Clearing his throat, he said, “Let me show you to the bathroom.”



The door jingled as Henry stepped through.

“Up here,” Abe called.

“Would you like to come up?” Henry asked Jo.

“I wouldn’t want to impose,” she said easily. “From the way Abe spoke it seemed like it was someone pretty important.”

“No, I insist; let me make you a coffee for your troubles,” Henry pushed good-naturedly.

Jo acquiesced with a roll of her eyes and followed him up the stairs.

“Hello, Abe,” she greeted.

“Oh . . .,” he said, sounding uncertain. “Detective . . . thank you for bringing him home.”

“So, who is this very important visitor?” Henry piped up.

Abe rubbed his hands together as if trying to work up to something as he glanced awkwardly at Jo and turned to Henry, lowering his voice. “Henry, I don’t think you really want Jo here to greet . . . our visitor.”

“Well, who is it?” Henry replied obstinately “I promised Jo a coffee.”

Abe stared at him as if trying to communicate some unspoken message.

“Henry?” came a sweetly familiar voice from the hallway, one that he had not heard in very many years.

Henry’s head snapped up and his eyes locked on the figure in the doorway.

“Abigail,” he breathed. Someone had planted a jackhammer in his heart; it thudded around his chest cavity, destroying everything in its wake and threatening to drill a hole through his ribs. Abigail – Abigail. How? She looked to Henry’s eyes to be all of 30.

Not removing his eyes from Abigail’s face, he said to Abe, “Please tell me this is not some grand illusion.” Henry felt his whole being constrict with hope and disbelief.

Abe tore his eyes away from Jo who had begun scrutinising his mother the second Henry said her name, and brought his eyes up and rested them on Abigail.

“No, it most certainly is not,” he said softly. Clearing his throat he said, “I guess you could say I bumped into her on the way home and then we went for a – walk, by the East river.”

Henry nodded vaguely to convey that he had heard – even if he didn’t understand - unable to tear his eyes away for fear that she would be taken away by some cosmic power.

As if in a trance, he drifted towards Abigail. Once within reaching distance, he held his hand out as if to touch her face but stopped just short. Abigail cupped his hand and pressed it to her cheek, leaning her face into the gentle warmth and familiar lines of his hand.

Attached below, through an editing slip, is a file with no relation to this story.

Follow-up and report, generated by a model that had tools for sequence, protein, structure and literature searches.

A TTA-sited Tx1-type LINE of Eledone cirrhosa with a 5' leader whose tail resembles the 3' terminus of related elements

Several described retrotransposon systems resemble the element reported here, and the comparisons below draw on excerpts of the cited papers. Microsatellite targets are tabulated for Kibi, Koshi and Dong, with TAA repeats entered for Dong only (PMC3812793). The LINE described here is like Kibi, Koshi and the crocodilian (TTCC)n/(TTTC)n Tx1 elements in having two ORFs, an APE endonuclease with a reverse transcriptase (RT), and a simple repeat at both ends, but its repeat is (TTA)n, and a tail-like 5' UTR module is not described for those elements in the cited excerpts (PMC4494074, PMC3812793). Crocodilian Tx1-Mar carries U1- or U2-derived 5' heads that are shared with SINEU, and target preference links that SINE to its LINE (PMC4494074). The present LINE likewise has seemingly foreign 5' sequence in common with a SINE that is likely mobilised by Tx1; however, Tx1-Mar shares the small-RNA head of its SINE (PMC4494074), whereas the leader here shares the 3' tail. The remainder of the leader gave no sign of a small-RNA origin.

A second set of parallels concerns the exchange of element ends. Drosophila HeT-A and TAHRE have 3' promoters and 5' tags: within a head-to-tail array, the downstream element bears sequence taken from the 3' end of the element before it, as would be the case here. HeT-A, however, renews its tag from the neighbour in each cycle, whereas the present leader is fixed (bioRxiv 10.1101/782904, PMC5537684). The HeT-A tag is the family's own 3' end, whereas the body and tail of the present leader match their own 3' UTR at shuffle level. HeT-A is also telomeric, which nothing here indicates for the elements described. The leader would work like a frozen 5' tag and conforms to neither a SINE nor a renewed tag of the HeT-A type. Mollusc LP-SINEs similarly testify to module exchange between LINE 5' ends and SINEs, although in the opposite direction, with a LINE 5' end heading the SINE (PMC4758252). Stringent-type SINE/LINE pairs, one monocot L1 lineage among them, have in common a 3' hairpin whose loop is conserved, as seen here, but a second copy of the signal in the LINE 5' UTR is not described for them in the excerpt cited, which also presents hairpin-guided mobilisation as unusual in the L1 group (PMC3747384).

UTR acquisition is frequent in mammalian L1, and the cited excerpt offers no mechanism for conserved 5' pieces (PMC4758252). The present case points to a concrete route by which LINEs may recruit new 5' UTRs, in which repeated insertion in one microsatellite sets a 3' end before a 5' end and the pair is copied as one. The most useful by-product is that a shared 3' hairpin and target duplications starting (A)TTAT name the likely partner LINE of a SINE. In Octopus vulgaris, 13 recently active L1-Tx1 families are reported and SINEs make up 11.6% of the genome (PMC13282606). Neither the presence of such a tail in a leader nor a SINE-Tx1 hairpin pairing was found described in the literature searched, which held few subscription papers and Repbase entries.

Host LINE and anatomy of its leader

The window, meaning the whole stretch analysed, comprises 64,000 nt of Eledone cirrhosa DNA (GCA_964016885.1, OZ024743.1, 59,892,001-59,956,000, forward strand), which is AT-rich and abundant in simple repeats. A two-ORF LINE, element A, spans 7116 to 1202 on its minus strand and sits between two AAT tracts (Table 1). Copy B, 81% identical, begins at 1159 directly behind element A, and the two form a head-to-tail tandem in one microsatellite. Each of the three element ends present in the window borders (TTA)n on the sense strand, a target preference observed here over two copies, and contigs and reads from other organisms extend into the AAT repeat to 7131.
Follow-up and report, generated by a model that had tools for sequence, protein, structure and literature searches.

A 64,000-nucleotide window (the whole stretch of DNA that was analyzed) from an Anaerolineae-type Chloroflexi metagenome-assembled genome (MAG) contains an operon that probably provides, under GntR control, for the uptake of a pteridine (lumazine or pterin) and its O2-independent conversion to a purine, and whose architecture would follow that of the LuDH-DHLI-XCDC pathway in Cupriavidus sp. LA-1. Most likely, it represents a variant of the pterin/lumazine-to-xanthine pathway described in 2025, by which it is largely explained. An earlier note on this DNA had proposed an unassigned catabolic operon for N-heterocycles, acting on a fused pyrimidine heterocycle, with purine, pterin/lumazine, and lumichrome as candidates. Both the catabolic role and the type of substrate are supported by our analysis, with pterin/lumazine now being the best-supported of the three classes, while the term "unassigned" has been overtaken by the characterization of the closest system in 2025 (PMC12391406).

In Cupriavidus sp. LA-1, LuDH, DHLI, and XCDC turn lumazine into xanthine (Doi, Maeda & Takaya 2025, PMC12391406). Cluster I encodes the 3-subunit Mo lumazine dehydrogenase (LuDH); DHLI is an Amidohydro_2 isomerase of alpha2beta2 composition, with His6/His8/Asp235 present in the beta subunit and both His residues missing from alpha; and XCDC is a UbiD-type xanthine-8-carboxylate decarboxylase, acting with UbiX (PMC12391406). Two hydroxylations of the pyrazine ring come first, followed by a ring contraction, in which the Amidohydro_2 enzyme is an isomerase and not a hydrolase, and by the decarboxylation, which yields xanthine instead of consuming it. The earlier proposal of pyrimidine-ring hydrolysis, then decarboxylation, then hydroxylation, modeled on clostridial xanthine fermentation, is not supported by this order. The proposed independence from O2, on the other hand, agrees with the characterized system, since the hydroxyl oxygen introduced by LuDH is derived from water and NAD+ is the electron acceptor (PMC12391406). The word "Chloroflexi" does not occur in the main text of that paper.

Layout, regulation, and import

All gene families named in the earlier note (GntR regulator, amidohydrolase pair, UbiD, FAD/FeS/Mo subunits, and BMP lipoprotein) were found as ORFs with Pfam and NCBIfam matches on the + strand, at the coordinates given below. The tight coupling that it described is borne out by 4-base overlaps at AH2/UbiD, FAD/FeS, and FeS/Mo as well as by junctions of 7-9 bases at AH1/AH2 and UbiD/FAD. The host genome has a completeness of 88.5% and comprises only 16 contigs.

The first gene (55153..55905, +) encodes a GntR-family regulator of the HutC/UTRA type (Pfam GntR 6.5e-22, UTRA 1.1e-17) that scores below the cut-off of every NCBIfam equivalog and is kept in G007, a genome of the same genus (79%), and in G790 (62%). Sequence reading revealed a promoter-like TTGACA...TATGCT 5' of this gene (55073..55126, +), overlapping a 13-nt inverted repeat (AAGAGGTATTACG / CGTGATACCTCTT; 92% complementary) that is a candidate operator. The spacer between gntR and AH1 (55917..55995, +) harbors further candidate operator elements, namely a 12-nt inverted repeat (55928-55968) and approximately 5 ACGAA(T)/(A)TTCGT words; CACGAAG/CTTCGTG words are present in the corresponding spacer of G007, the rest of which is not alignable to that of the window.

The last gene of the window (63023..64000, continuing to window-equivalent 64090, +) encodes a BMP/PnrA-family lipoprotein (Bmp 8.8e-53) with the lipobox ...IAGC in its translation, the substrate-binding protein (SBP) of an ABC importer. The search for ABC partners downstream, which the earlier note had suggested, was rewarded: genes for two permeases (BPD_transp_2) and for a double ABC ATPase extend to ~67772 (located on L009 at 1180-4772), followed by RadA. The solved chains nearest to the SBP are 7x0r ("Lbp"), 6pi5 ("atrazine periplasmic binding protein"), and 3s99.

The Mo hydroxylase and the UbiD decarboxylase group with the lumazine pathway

“Henry,” she sighed at the touch of his hand.

Henry reached out the other hand to finger the curling ends of her wet hair.

“Does this mean what I think it means,” he said, with a surprising intensity.

“I don’t know, Henry,” she murmured, grabbing the hand that was playing with her hair and stepping into his space. “We can only hope.”

 On instinct, Henry brought his arms up around her shoulders and squeezed gently. His lips rested against the soft wispy hairs along her hair line.

“My darling Abigail, there are no words to express how deeply I’ve missed you,” he intoned, the vibrations from his words sending sparks of electricity skittering across her skin.

Silent tears of happiness began to drip down both their faces.

After a few minutes passed, Abigail spoke: “You kept my skirt,” she laughed wetly.

“You kept my heart,” Henry replied with a corny grin, resting his forehead against hers.

“You’re always so dramatic Henry,” Abigail said with a sniff and a giggle. “It’s okay, though; I love you anyway.” She sniffed and rolled her lips between her teeth in an attempt to compose herself and Henry couldn’t help the smile that broke across his face as he looked at her with complete adoration and love.

When she turned her head to the side, she saw Abe standing by himself with a wide smile and a damp face. Henry continued to lean his forehead against hers, but Abigail gestured for Abe to join them.

They wrapped themselves together – as one unit, just as they were meant to be – and Henry felt the stone of grief he had carried around for 30 years dissolve into dust to be replaced by pure sunlight, otherwise known as one of Abigail’s purest smiles.

When they broke apart minutes later, Henry looked around. “Where’s Jo?”

Abe dug around in his pocket and proffered him a note.


            You looked pretty caught up.

            Don’t worry; I’ll get coffee off you another time.

             -       Jo :)


           I’ll let Leui know that you’re taking a personal day tomorrow.


Henry smiled at the small act of kindness and turned back to Abigail. “What say you, you stay here tonight? We talk about the future?”

Abigail nodded and pressed a chaste kiss against his lips; a promise of more to come.